Yes, People, the Families DO Matter!

VLUU L100, M100  / Samsung L100, M100

The day a person even insinuates that a group of people doesn’t matter is the day they fall into that dangerous, deadly human trap – apathy.

If the family members of veterans didn’t matter, why are there so many outreach efforts intended to give them emotional support? While I’m sure nobody, unless they were being deliberately cruel, would state that vet families don’t matter outright, plenty of people, by their words and actions do hint that what they go through isn’t important.

When a status was posted on social media in recent months about veterans with PTSD, a comment rightfully pointed out that the families go through a lot, too. The OP’s, response was something to the effect of how pointing that out “doesn’t help the veterans”.

Seeing as how the OP has never been in that position that I’m aware of, she certainly doesn’t know what it’s like. Many family members of veterans with PTSD, particularly if the vet also has addiction issues as my late father did, go through their own hell on earth because of it.

Why does this matter? Here are a few thoughts to keep in mind:

  • People with PTSD and substance abuse issues who don’t get help do need it – without help, they are endangering themselves and others around them. Sometimes recognizing the hell their loved ones go through is what it takes for them to see their need for help.
  • Just because the spouse (or ex-spouse) and the children didn’t serve doesn’t make their lives any less valuable. To send the message that civilians impacted by a veteran’s trauma don’t matter shows the same type of callous disregard that many of our country’s leaders have for military and veteran families in general.
  • Glossing over the experiences of the families also shows a lack of respect for who the veteran is as a person. To act as though a veteran’s existence revolves completely around their identity as a veteran and nothing else shows no regard for them as an individual. Most do, of course, value their family members and to see others show such little regard for their loved ones hurts them, too.

In a nutshell, it’s safe to say that denying a veteran’s family’s need for help does more harm than good. No person, veteran or civilian, is an island, and true healing can only occur when all sides are considered.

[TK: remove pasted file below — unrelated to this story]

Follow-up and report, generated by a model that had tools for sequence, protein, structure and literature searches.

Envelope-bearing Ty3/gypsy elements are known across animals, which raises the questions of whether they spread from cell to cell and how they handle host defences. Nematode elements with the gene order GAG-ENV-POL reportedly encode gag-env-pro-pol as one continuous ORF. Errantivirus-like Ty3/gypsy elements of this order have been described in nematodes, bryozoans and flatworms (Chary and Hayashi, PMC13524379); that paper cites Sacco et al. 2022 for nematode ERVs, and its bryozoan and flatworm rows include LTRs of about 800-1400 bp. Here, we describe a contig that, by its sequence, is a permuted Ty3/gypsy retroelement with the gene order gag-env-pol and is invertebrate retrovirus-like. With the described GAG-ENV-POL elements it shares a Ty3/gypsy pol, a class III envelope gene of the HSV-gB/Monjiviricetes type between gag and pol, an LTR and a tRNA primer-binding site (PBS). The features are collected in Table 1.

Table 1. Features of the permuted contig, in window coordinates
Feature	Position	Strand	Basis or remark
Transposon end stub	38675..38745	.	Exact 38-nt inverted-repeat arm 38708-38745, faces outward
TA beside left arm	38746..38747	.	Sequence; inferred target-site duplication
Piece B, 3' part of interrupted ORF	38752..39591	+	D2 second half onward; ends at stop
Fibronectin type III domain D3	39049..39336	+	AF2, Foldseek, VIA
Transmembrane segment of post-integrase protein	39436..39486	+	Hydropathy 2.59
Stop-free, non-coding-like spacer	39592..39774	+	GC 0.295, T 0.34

The Siren Call We May Miss

Scream and shout

First of all, I’d like to thank Sister Gloriamarie (knitternun)  both for inspiring this post and for her support of the Facebook page I’ve created that offers help and hope to veteran families. My hope is that my  Hope and Healing for Veteran Families Facebook page will be a safe refuge for children, spouses, exes, friends and others who want to help a veteran in their lives or need healing from trauma inflicted by one no longer in their lives.

One of the things I’ve had to cope with since my biological father’s passing is people treating him as an exalted being who never did or was even capable of wrongdoing. In their eyes, his status as a perceived war hero absolved him of any wrongdoing.

I’ll be blunt: my father was not free from any taint of sin from the moment of his conception. Nor was he a monster, he was a good person at heart who never overcame his personal demons. However, his PTSD symptoms were significantly aggravated by his drinking habits, and many people in his life did little or nothing to help him.

As Gloriamarie said, the symptoms of PTSD are a siren call for help. Like sailors of old myths and legends, many people who ignore said siren call have to witness or be part of a shipwreck – in this case, the shipwreck of a life ruined by mental illness and/or alcohol abuse.

There are many reasons people ignore siren calls, one of them being pure and simple denial. It’s easier to believe that someone you love just “enjoys a few beers” and that their behavior is essentially harmless than believe they can cause some to fear for their very safety.

For some it’s easier to think that the more outrageous behaviors are something to laugh at. After all, how many people want to believe that behavior that horribly embarasses one family member is anything other than said family member being overly sensitive?

Unfortunately, for others, it’s easier to think that those who had to deal with a veteran who refused serious help were making things up or exaggerating. I think it’s all part of the denial game, assigning the blame to others instead of facing the fact that their loved one needs help.

Hindsight is better than foresight by a long shot. It’s impossible to know whether a marriage may have been salvaged or whether a parent may have mended a relationship with a child they alienated.

However we can, to a certain extent, control what happens going forward. The best way to build a bridge between yourself and others harmed by the same person – stop making frikkin’ excuses!

Don’t just chalk things up to the fact that they were drinking when they said hurtful, hateful, relationship-destroying words – recognize that words cannot be unsaid, and the wounds may not fully heal.

Never, ever, treat drunken antics as though they’re a joke – such behavior can impact others in the person’s life that their perception as a hero won’t fix.

Lastly, don’t put your head in the sand and ignore a veteran in your life that is crying for help by their actions. Recognize that sometimes they won’t allow their spouse or children in too deeply emotionally – it may fall on those in their lives prior to marriage or children to have influence in their recovery.

If it’s now too late, don’t dishonor your loved one’s memory by making excuses, making light of others’ suffering, or refusing to acknowledge the role of their brokeness. Do honor their memory by showing love, mercy and compassion to those they hurt the most in their lives – don’t turn your backs on them, you do need them, even if you can’t let see it.

 

Save

Save